Mentions: To generate orthotopic xenografts, 2 × 106 SKMel-F10 melanoma cells were injected intradermally into the flanks of female NOD-SCID mice and allowed to grow for 2 weeks, at which point average tumor volumes reached approximately 80 mm3. Mice were then randomly assigned to either one of two study arms: The first group received doxycycline (200 μg/ml) and sucrose (2.5% w/v) in their drinking water continuously for the following 5 weeks, whereas the second group received only sucrose without addition of doxycycline. Of note, the group of mice in which CDK5 knockdown was induced (CDK5-F10 + dox) showed significantly inhibited tumor growth as compared with uninduced controls with preserved CDK5 expression (Figure 4A). Neither loss in body weight nor any other signs of distress or behavioral abnormalities were observed in mice from either of the two groups during the entire experiment. After 5 weeks, tumors were harvested, and persistent knockdown of CDK5 was confirmed by Western blot analysis (Figure 4B) as well as by immunohistochemistry (Figure 4C). Proliferation was assessed using Ki-67 labeling, and no discernible differences were found between the two arms, in line with in vitro data presented above. Also, no discernible histological differences were observed between xenografts derived from the CDK5 knockdown or control arm, respectively (Figure 4C).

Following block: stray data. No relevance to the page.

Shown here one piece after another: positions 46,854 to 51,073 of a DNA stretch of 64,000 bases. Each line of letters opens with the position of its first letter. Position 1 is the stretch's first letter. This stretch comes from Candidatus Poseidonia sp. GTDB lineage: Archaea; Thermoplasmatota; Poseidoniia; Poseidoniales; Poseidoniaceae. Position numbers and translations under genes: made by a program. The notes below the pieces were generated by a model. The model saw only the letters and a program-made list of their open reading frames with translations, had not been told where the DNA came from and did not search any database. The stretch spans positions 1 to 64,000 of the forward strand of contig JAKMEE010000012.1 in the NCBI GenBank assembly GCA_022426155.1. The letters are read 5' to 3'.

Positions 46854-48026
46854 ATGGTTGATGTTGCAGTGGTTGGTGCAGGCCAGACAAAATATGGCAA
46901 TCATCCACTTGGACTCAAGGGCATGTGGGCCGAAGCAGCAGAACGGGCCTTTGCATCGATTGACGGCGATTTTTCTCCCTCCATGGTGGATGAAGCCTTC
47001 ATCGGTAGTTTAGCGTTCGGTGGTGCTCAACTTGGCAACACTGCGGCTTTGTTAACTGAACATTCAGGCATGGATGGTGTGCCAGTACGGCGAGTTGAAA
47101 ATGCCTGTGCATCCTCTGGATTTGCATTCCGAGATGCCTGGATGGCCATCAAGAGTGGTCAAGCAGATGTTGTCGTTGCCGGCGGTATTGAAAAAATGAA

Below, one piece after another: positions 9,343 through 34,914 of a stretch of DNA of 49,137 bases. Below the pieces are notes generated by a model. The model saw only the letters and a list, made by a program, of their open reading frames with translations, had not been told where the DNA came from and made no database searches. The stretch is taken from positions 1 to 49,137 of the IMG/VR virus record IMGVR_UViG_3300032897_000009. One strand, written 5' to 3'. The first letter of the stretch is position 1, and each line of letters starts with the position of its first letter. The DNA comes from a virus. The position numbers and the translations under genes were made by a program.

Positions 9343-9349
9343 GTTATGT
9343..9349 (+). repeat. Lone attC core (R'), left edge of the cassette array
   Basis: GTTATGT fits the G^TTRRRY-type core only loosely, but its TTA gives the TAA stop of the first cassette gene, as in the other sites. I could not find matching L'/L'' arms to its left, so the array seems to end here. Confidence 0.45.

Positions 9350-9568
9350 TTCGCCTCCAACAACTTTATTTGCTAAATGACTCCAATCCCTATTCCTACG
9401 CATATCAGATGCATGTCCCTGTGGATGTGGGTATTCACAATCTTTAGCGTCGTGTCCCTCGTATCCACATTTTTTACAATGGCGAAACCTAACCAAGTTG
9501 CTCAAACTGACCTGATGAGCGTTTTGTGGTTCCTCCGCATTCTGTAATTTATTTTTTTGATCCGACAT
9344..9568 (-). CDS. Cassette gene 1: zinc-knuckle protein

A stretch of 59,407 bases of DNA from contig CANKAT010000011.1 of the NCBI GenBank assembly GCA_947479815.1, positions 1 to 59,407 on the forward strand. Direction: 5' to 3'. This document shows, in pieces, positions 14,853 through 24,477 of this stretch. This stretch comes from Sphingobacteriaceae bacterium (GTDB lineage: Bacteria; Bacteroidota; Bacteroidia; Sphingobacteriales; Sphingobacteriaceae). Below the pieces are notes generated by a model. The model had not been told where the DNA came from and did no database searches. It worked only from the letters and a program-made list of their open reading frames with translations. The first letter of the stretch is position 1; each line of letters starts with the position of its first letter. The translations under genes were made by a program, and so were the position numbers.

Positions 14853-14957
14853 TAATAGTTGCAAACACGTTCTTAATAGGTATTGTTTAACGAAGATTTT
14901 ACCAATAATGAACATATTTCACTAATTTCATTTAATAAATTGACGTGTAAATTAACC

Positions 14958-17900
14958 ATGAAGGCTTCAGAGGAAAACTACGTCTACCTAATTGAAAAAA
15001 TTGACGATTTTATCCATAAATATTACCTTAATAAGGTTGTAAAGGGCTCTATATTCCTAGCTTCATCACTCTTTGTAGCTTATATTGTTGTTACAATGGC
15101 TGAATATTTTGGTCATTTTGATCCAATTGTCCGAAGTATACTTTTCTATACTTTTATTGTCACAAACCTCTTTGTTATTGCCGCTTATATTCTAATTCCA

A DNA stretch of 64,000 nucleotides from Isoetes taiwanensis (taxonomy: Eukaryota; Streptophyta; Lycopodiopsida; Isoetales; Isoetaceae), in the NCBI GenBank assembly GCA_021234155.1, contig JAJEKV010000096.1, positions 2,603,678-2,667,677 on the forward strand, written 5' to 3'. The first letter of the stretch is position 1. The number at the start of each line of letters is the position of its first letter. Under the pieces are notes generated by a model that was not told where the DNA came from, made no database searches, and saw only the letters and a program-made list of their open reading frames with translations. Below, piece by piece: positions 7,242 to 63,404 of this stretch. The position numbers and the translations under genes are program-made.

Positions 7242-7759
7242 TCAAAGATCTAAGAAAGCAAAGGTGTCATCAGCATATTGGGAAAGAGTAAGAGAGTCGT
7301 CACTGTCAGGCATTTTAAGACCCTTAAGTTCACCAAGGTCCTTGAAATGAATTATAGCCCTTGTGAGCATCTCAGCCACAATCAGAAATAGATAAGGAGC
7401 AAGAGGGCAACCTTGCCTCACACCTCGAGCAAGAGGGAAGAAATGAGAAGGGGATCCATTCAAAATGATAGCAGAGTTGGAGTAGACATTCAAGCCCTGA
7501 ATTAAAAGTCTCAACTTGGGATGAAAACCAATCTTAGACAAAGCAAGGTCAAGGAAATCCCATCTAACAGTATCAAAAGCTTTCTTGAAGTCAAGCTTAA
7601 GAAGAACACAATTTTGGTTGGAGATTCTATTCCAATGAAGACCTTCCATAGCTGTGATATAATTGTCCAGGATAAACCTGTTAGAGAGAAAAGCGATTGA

Cyclin-Dependent Kinase 5 (CDK5) Controls Melanoma Cell Motility, Invasiveness, and Metastatic Spread-Identification of a Promising Novel therapeutic target.

Bisht S, Nolting J, Schütte U, Haarmann J, Jain P, Shah D, Brossart P, Flaherty P, Feldmann G - Transl Oncol (2015)

Inhibition of CDK5 function through shRNA-mediated knockdown impairs in vivo tumorigenicity in orthotopic melanoma xenografts. (A) Growth of orthotopic SKMel-F10 xenografts was significantly inhibited upon induced CDK5 knockdown. (B) Sustained induced CDK5 knockdown was confirmed in explanted xenograft tumor tissues at the end of the experiment using Western blot analysis. Results from three representative doxycycline-induced and -uninduced mock-treated xenografts, respectively, are shown. (C) H&E stainings did not reveal any major discernible changes in the tumor microarchitecture upon induced CDK5 knockdown. Immunohistochemistry in harvested xenograft tumor tissues confirmed efficient knockdown of CDK5 at the protein level; proliferation as determined by Ki-67 immunolabeling was not significantly reduced after CDK5 depletion.
© Copyright Policy - CC BY-NC-ND
Related In: Results  -  Collection

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Show All Figures
getmorefigures.php?uid=PMC4562979&req=5